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Employers Scramble to Address Ebola Concerns


Howard Mavity was quoted on CNBC on October 15, 2014. The article “Employers Scramble to Address Ebola Concerns” discussed how an increasing number employers have been seeking legal advice on what to do if they find themselves in a situation where one of their employees has been exposed to the virus.

"The most common question right now is: If I have a person returning from an affected country or a neighboring country, should I make them stay at home?" said Howard.

The answer, generally, is no. While it may be tempting, doing so could set the employer up for a complaint to the Equal Employment Opportunity Commission. They're better off following the lead of the Center for Disease Control and Prevention, he said, which recommends anyone who's traveled to an Ebola-affected area monitor themselves for symptoms for 21 days but doesn't impose movement restrictions. (If employees disclose they had close contact with an Ebola patient, however, that's a different story. Medical evaluation is recommended then, even if the person has shown no symptoms.)

Howard recommended using the same questions the CDC asks—such as which areas they visited and whether they've experienced any of the known symptoms—and making sure the worker doesn't have a temperature. Some companies and boarding schools, Howard added, are actually taking such steps already and having a nurse take temperatures daily. But employers need to be wary of violating a worker's right to privacy or of exposing them to public embarrassment by singling them out, even if it's well-intended. "Do not say: 'Joe's okay; we're following protocol,' " Howard stated.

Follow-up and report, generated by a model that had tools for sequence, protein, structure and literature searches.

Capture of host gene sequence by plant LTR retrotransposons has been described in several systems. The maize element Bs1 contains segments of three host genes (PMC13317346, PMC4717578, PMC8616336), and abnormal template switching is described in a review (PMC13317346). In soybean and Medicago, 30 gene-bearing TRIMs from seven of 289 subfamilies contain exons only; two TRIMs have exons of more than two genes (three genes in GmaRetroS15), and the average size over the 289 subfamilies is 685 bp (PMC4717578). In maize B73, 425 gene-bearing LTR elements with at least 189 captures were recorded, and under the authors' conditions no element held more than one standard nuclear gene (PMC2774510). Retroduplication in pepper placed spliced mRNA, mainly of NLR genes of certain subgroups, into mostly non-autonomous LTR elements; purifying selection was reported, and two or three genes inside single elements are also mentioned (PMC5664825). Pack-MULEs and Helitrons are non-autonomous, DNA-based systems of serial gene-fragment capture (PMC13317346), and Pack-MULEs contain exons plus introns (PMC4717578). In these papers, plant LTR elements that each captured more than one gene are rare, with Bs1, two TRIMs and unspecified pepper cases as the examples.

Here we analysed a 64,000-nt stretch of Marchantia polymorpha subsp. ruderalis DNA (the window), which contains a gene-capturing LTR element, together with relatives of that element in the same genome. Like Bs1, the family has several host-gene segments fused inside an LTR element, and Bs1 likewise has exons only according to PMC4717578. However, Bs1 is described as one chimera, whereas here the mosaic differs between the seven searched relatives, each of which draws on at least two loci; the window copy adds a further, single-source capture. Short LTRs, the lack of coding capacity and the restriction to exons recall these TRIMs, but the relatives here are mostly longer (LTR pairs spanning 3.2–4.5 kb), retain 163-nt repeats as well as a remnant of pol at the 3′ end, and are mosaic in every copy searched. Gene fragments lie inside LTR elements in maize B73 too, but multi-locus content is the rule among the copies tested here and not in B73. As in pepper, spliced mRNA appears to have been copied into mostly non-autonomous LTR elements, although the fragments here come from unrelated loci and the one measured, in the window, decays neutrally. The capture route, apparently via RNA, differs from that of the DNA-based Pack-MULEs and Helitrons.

Co-workers' concerns should be handled gingerly, as well. "Generally the law is very insensitive about employers concerned about co-workers," said Howard.

"We've had this come up not just with Ebola. It's also been with tuberculosis, hepatitis, HIV," he said, adding that the best response is to share information from the CDC and assure them the situation will be monitored. "Educate employees right now to disabuse them of any conspiracy-type notions," said Howard.

To read the full article, please visit CNBC.


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